Tags: Rogers | Russia | invest | opportunities

Jim Rogers: I’d Rather Invest in Russia than the US

Tuesday, 16 Oct 2012 08:48 AM

Russia harbors better investment opportunities than the United States does right now, said international investor Jim Rogers.

The United States is dealing with fiscal issues that could require politicians to raise taxes, though Russia is opening up and becoming more investor friendly.

“In 2013 and 2014 we’re going to have economic problems,” Rogers told CNBC.

Editor's Note: Prophetic Economist Warns: “It’s Curtains for America.” See Evidence.

At the end of this year, tax breaks are scheduled to expire while cuts to government spending kick in, a combination known as a fiscal cliff that could send the economy into a recession next year if left unchecked by Congress.

“Either (politicians are) going to raise taxes or they’re going to bungle something,” Rogers said.

“Raising taxes has never made the economy grow.”

Meanwhile, Roger says he is shorting U.S. stocks, technology companies especially.

“Technology has been one of the few places that is very exploited,” Rogers told CNBC.

Russia, meanwhile, is a different story.

“I’m convinced things are changing in Russia for the first time,” Rogers said, adding he is currently studying ways to invest in the country, likely through stocks or currencies.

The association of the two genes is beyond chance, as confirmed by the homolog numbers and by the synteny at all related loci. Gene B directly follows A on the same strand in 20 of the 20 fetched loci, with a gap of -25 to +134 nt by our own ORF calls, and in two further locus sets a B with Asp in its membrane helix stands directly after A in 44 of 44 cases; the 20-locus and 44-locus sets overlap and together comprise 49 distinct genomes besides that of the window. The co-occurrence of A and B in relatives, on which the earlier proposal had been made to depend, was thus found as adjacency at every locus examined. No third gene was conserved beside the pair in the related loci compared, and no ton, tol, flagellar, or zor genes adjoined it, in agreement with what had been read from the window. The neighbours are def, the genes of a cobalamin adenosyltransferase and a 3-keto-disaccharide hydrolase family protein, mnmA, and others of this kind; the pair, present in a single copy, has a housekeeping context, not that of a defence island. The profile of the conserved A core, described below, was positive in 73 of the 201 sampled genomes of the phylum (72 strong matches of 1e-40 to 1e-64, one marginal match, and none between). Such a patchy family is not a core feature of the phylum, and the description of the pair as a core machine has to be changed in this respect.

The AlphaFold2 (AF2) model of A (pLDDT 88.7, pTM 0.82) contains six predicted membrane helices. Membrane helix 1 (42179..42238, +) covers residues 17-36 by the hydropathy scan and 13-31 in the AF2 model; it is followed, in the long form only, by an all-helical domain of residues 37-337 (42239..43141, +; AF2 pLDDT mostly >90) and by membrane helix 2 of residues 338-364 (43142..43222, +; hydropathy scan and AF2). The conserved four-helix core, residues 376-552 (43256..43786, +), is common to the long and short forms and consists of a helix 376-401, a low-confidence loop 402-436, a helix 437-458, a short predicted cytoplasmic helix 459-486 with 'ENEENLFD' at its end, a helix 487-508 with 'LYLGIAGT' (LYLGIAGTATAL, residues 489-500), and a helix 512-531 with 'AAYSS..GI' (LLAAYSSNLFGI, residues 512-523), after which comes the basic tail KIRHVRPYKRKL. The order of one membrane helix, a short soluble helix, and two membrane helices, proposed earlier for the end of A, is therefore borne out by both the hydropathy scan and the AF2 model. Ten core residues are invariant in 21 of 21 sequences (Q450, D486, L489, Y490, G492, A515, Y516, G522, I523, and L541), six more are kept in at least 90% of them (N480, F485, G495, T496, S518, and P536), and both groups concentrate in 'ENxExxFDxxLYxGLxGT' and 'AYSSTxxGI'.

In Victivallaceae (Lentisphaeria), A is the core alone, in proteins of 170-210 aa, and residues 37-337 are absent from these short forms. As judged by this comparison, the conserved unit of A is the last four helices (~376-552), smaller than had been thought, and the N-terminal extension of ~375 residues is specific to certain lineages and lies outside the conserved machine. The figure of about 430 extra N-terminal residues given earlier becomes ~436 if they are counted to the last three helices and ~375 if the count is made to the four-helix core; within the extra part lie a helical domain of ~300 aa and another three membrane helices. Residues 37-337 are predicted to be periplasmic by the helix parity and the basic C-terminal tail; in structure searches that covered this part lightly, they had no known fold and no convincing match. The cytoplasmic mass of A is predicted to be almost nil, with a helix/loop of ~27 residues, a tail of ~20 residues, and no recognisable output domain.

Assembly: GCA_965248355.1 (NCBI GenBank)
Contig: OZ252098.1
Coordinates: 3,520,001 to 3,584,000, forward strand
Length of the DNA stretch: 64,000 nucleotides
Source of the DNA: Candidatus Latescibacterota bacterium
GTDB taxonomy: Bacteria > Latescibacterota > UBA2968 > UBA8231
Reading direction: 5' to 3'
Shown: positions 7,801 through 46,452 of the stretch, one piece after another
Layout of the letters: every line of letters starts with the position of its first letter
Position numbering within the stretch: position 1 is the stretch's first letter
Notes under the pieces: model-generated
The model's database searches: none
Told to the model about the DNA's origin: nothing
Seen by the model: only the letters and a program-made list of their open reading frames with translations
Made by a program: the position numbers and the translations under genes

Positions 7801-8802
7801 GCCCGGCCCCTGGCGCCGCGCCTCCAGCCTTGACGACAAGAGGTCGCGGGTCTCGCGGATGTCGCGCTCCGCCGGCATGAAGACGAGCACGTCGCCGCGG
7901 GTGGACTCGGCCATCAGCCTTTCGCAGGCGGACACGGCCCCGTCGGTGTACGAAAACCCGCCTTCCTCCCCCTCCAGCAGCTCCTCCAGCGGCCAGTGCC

Russia forms part of the large BRIC economies that also include Brazil, India and China.

One analyst says now is the time to invest in Russia, as stocks are cheap.

For the third time in 15 years, the time since today’s Russian markets have been in existence, stocks are trading at less than five times earrings.

The first time came when Vladimir Putin took the country’s reins in 2000 and the second time came during the 2008-09 global financial crisis.

“We are now back down there again, so while we are clearly not suggesting that you can look backward and forecast how much the market is going up, we can say from a fundamental point of view that there is a very strong valuation case for the market right now,” said Douglas Helfer, a London-based senior fund manager for global emerging markets equities at HSBC Global Asset Management, according to The Edge, a Malaysian financial publication.

“We need a normalization of global risk appetite — that’s the key — and once that happens, investors will start to look at this market.”

Editor's Note: Prophetic Economist Warns: “It’s Curtains for America.” See Evidence.

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